by Karl-Jürgen Müller
After 2019, the SPD-related German Friedrich Ebert Foundation, published a second comprehensive study (84 pages, https://www.fes.de/studie-vertrauen-in-demokratie) on democracy in Germany in April 2023. The title of the study is: “Democracy Trust in Times of Crisis”. It is based on many surveys. The authors of the study are trying to gloss over the results, attaching labels like “longing for simplicity” or “conspiracy thinking” to unwelcome opinions. For example, the strong desire for referendums is said to be an expression of such a “longing for simplicity”. Or the statement that the Western world has “conspired against Russia and Putin to expand its own power”, “conspiracy thinking”. And with 55.9 % of respondents, the “conspiracy believers” also still favour having “citizens vote in regular referendums” – much more than the “non-conspiracy believers”, of whom only 20.8 % want regular referendums. Nevertheless, it is worth taking a thorough look at the poll results. Once again it becomes clear: the difference between published (power elite) opinion and the public opinion of the citizens is big, very big. Especially in eastern Germany. Only a few results can be reproduced here.
The study is based on a telephone and online survey of Germans aged 18 and over who are eligible to vote. The representative random sample comprises 2536 respondents (1658 telephone interviews and 878 online interviews). The survey period was from 11 July to 9 August 2022. The survey was conducted by the opinion research institute Infratest dimap.
Little optimism for the future
41.6 % of the respondents said that most people could not be trusted at all or not at all. 84 % said that future generations in Germany would fare somewhat (48.9 %) or even much worse (35.1 %). Further on in the study, it is also revealed that 75.3 % of those surveyed tended to agree or fully agreed with the statement that cohesion in society had declined.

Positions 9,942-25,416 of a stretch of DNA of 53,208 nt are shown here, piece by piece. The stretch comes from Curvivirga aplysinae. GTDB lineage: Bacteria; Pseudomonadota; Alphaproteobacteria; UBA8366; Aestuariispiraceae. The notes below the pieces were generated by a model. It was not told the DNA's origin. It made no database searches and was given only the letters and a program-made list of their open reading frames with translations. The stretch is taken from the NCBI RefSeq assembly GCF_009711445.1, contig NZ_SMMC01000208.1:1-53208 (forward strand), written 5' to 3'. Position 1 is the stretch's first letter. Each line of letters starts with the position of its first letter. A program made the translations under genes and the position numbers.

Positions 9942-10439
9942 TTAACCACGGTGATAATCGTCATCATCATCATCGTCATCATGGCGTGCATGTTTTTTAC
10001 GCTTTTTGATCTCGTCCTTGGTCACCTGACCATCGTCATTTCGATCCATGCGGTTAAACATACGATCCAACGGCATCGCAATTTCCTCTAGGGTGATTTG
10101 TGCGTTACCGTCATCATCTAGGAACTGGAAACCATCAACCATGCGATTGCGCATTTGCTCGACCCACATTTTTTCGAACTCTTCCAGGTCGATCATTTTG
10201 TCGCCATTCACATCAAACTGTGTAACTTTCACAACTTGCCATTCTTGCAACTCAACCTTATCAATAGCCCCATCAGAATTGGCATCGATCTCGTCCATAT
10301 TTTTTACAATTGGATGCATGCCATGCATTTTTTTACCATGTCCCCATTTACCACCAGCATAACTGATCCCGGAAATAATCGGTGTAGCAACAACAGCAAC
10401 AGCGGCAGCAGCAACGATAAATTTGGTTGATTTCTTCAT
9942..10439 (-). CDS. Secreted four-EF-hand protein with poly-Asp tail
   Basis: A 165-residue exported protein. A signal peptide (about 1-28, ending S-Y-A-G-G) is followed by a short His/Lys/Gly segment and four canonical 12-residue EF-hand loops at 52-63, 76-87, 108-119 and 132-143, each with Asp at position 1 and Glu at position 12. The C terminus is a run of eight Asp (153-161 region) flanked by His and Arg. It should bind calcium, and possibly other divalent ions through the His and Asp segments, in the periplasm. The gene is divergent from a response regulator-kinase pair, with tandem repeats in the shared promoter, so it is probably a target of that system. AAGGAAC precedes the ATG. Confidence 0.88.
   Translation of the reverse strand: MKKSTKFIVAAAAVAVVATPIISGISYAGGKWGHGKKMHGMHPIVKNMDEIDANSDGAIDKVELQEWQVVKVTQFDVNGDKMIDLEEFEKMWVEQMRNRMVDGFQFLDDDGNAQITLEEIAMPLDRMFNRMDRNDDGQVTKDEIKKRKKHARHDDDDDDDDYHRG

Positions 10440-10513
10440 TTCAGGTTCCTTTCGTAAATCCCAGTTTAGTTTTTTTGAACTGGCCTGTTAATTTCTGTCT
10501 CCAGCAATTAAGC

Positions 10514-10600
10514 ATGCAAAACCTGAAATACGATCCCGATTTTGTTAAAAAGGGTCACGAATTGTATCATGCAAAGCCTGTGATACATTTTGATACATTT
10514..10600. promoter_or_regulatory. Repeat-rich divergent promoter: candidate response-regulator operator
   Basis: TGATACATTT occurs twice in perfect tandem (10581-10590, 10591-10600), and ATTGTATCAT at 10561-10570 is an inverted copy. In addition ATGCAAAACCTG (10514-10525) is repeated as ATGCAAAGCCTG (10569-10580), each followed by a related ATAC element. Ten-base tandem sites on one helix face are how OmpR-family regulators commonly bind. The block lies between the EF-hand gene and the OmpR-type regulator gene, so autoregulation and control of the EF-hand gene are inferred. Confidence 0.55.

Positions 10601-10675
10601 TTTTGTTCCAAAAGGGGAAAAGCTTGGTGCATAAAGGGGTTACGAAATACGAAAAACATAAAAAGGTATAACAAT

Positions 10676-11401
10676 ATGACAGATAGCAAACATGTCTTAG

How do Germans perceive the political and social conditions in which they live, so that so many have a rather poor view of humanity, so many see social cohesion at risk and so many are no longer optimistic about the future of coming generations?
The five most frequently mentioned concerns of the respondents are climate change (80.1 % great or very great concern), hatred and hostility (80 % great or very great concern), war (76.3 % great or very great concern), loss of social security (73.5 % great or very great concern) and inflation (73.3 % great or very great concern).
Not satisfied with
how democracy works in Germany
Most respondents (51.3 %) are not very or not at all satisfied with the way democracy works in Germany. This dissatisfaction is most evident in the lower classes where the rate is 67.2 % and in the eastern part of the country where it is 66 %. For more than half of the respondents (50.5 %), the state of democracy in Germany has deteriorated somewhat or even significantly in recent years. 68.2 % of respondents agree or strongly agree with the statement that there were not enough opportunities for citizens to participate beyond elections. 50.9 % agree or strongly agree with the statement that it no longer made a difference whether the SPD, the Greens, the FDP or the CDU/CSU are in government.
For only 24.5% of respondents, representative democracy is the best model of government, 33.4 % favour rule by experts (“expertocracy”), 41.1 % direct democracy. Here, too, it is the lower classes who expect the most from direct democracy (more than 50 %). This is not surprising, since the members of the lower class are the biggest losers in current politics and have had virtually no influence on the political decisions that affect them.
The following picture emerges for the parties and their supporters: supporters of the Greens favour expertocracy by more than 40 % over representative democracy (only 35.9 %), and the values for direct democracy are lowest here: only 22.6 %. In terms of scepticism towards direct democracy, FDP and SPD supporters follow those of the Greens more closely than supporters of other parties in the German Bundestag. And, even more than those of the Greens, the supporters of the FDP, at 45.4 %, prefer expertocracy to representative democracy (only 23.3 %). So much for the confidence of the supporters of the red-green-yellow coalition in the citizens and in democracy.
Majority without trust
in important institutions
Leaving aside the Federal Constitutional Court, most respondents today have little or no trust in important political institutions, be it the federal government (57.6 %), the Bundestag (57.7 %), the European Commission (68.5 %), the trade unions (52.4 %) or the employers’ associations (64.9 %). Most respondents also lack trust in the media. 58.2 % have little or no confidence in the public media, and 68.3 % in the private media such as television and newspapers.